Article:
The authors had two predicting hypotheses. The first hypothesis was that, consistent with previous research, they expected individuals to have more negative attitudes regarding blacks than attitudes regarding whites. Their second hypothesis predicted that this pro-white bias would be greater for participants exposed to the color blind ideology than those participants exposed to the multicultural ideology.
Results of the study found that the color blind perspective generated greater racial bias than the multicultural perspective, both explicitly and on the more unobtrusive reaction time measure. The findings of this study add to the previous research advocating a multicultural model of intergroup relations as the more promising route to interracial harmony.
The authors also discuss some limitations of their study. For example, the study did not include a control group who did not receive an intervention. Another limitation was that the participant sample came from a single New England college, therefore the results had problematic external validity. The authors suggest that future research should also examine the impact of these ideological prompts on ethnic minorities, as they will be important in attaining true interracial harmony, rather than solely reducing the negative racial attitudes of whites.
THE AMERICAN JOURNAL OF FAMILY THERAPY
Woody, R. H. (2004).
Modern family interventions
Vol. 32, 353-357
This article advocates that interventions in family therapy must be concurrent with the modern era because each member in the family is subjected to new socio-environmental pressures. Many current societal changes directly and/or indirectly effect the functioning of today's families. The author lists specific socio-environmental pressures such as the global economy, the increase in governmental regulations, the power of the mass media and internet, the reign of crime and terror, employment insecurity, readily obtained bankruptcy, easy dissolution of marriage, blended families, and alternative lifestyles. Therefore, the author offers ten guidelines for the family therapist's adaptation of clinical practices that are appropriate for the modern era.
First, set aside allegiances to theories and techniques that, although acceptable in the past, have not been justified by behavioral science. Second, recognize that the client is the consumer of professional services offered as part of the health care industry, and the transaction is a business arrangement. Third, do not applaud the past; accept that the present is the stage upon which the family must be helped to perform. Fourth, be aware that the client's personal perferences are greatly influenced by external sources, which constitute a filter through which all intervention efforts, by therapist and client alike, must pass. Fifth, become embedded in the community, making ready use of resources to facilitate family interventions. Sixth, bring together all reasonably appropriate sources of influence (e.g., the extended family), thereby maximizing resources. Seventh, continually survey professional publications and engage in continuing education for better understanding of the current status of intervention options and identifying new alternatives for family interventions. Eighth, be action oriented, attempting to motivate the client to make behavioral changes that will impact the family system. Ninth, require that any intervention actually accomplish a benefit (e.g., noncompliance by the client may necessitate termination). Tenth, do not provide an intervention beyond a specific short-term goal, that is, long-term objectives will likely be best obtained through periodic, not continuous, interventions.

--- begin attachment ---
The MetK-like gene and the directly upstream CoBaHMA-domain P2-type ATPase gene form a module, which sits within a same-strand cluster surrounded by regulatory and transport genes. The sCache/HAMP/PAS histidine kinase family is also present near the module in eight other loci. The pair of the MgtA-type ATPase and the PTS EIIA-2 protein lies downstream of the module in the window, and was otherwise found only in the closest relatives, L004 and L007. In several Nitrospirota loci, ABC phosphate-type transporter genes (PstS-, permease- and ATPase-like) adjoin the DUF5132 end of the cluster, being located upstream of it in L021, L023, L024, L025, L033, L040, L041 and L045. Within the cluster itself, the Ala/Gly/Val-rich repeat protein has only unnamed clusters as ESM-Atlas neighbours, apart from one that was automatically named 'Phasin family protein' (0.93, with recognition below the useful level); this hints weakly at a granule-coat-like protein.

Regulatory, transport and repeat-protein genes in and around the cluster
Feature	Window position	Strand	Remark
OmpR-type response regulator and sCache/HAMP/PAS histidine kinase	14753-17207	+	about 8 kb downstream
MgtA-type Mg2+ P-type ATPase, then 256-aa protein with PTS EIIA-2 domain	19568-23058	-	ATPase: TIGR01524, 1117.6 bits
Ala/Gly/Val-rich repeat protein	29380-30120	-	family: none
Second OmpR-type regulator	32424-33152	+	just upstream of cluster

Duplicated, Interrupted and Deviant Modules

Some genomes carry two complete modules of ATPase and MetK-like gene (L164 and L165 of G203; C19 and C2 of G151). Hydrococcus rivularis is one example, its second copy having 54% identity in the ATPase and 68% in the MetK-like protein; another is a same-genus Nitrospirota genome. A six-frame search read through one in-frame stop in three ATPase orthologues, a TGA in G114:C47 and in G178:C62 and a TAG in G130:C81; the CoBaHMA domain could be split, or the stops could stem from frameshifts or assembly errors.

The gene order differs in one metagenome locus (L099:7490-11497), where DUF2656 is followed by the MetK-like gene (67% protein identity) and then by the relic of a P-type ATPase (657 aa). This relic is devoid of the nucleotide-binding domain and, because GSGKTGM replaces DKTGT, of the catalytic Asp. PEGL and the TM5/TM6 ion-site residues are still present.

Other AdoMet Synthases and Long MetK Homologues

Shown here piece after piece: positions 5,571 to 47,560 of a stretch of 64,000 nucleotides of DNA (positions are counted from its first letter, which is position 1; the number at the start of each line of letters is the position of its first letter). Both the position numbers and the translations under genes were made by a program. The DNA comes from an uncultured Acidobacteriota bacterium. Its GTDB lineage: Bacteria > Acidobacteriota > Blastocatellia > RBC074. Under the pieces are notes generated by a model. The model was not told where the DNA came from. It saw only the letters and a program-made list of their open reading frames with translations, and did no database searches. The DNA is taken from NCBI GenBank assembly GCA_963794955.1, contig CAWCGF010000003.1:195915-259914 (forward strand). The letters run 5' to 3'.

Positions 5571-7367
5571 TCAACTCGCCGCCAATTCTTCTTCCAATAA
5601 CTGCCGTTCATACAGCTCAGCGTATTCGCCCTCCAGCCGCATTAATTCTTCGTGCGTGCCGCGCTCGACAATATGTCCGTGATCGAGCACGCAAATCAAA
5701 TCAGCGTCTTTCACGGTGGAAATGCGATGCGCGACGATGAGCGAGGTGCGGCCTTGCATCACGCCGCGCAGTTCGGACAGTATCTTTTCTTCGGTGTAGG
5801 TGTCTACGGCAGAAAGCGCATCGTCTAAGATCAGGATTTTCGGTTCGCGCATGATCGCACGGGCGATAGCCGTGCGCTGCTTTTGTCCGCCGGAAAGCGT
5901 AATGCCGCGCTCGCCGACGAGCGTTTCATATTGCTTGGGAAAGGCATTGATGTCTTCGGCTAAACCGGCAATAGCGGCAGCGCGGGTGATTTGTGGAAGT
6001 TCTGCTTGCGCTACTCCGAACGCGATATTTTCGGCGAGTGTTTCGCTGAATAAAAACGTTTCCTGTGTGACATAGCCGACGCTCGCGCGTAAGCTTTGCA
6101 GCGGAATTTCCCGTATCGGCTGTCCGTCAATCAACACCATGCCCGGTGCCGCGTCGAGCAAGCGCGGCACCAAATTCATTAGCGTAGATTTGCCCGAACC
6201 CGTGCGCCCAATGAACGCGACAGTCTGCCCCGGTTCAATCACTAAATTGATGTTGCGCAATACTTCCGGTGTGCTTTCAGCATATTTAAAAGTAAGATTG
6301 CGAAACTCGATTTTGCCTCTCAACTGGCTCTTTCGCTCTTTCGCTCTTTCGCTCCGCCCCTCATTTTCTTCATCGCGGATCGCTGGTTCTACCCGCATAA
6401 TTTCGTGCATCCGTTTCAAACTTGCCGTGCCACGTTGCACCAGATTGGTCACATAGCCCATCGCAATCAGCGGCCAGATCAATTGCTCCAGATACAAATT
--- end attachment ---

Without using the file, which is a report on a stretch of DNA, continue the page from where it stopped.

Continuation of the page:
The author acknowledges that there is not a discrete formula for modern practice of family interventions. However, pondering these guidelines will help the family therapist provide appropriate modern era family therapy.
CLINICAL PSYCHOLOGY REVIEW
Shreve-Neiger, A. K. & Edelstein, B. A. (2004).
Religion and anxiety: A critical review of the literature
Vol. 24, 379-397